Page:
You want your listing to be unique, accurate, and widely appealing—here are words that won’t help you do that.

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When you decide to sell your home, you’re bound to be invested in what the official listing looks like. Despite all the warnings to not let the selling process get personal, it’s hard not to take criticism and compliments of your home to heart. That said, it’s important to make sure what’s in your home’s listing appeals to a buyer, not you. And while quality photos are a huge part of a successful listing, the words used to describe your house are also very important and can win over or turn off potential buyers. For every strong adjective you use to describe your home, there’s an equally poor descriptor to avoid in your listing. Below are 12 words you should never use in a real estate listing.

Not That, This

When you’re thinking of words to describe your home, you obviously want to be accurate. Overselling features in your house or misleading buyers is wrong (and can even be considered fraud). But being too honest isn’t always going to help put your house in the best light. Avoid words like small or tiny (unless of course you’re actually selling a tiny home). Even if they accurately describe your space, let the square footage and photos speak for themselves. On the other hand, saying your house or any rooms in it are oversized is also frowned upon, unless of course you do have a giant home. Describe it as spacious instead.

In the same vein, don’t use the words outdated or older, since those will immediately turn off a potential buyer. If there are things that ought to be updated—first, go ahead and update them. But if that isn’t an option, describe the older features in your home as original or vintage.

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Despite the popularity of a certain HGTV show, when it comes to facing actual work without Chip and Jo’s help, the phrase fixer upper can turn off a lot of potential buyers. It’s best to still focus on the positives and let potential buyers see where the work could be done themselves. The term fixer upper should really only be used on neglected, dilapidated homes where its potential needs to be emphasized.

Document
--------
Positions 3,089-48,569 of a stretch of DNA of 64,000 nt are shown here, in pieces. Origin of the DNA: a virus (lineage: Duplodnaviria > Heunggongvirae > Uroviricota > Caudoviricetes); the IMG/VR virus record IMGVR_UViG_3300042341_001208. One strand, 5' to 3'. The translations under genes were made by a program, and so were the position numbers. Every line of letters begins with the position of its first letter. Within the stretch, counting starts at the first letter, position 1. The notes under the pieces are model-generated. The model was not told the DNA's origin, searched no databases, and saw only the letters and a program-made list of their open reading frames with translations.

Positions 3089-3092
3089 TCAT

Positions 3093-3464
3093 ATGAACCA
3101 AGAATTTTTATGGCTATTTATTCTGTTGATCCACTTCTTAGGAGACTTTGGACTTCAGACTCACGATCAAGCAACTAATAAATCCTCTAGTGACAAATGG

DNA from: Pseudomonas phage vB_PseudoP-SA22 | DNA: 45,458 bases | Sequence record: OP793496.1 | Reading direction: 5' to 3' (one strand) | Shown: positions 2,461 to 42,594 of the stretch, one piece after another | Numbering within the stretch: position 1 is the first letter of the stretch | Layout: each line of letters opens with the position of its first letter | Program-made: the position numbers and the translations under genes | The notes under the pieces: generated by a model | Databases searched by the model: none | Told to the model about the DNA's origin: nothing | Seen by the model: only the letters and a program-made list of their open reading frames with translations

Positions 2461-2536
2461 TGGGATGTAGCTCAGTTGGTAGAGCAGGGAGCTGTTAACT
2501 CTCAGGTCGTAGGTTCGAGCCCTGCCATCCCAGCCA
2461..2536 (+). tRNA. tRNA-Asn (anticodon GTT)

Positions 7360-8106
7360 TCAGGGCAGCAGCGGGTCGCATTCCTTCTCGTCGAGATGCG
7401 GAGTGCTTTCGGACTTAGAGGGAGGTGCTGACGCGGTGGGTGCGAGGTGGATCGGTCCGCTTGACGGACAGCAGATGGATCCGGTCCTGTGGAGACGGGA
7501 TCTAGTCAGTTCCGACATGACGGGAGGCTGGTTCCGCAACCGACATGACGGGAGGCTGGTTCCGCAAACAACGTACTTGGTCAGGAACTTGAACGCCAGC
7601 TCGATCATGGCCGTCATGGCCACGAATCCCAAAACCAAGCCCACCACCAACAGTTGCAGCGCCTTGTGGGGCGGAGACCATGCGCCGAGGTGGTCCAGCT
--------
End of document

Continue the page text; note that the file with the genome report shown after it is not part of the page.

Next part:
Don’t Give Them Any Ideas

There are several phrases that can give buyers too much information about you—and some of it might hurt your sale. Beware of describing yourself as a motivated seller. That can sound desperate, which signals to buyers that either it’s okay to low-ball you or that something is wrong with the house. Instead, try something like All offers considered to encourage any and all offers without making it sound like you’ll accept the first one that comes in. Same goes with a lot of references to time. Phrases like This listing won’t last long! can turn away buyers who aren’t quite ready to buy a house. And if your house stays on the market for a month or more, you’ll regret having that phrase in your description.

Beware of Discriminatory Phrases

In addition to subjective adjectives used to describe your home, it’s most important not to use any words or phrases that are considered discriminatory under the Fair Housing Act. In addition to protecting against preference or discrimination based on age, race, and religion, the law also protects “familial status,” so describing your home as a bachelor pad is not allowed when a small family or single woman could very well move into the house. Phrases like his and hers, perfect for two, empty nesters, and mother-in-law suite also fall into the category of taboo words. If you’re working with a realtor, they should be aware to not use these red flag terms, but here’s a thorough list to give you an idea of what’s not allowed.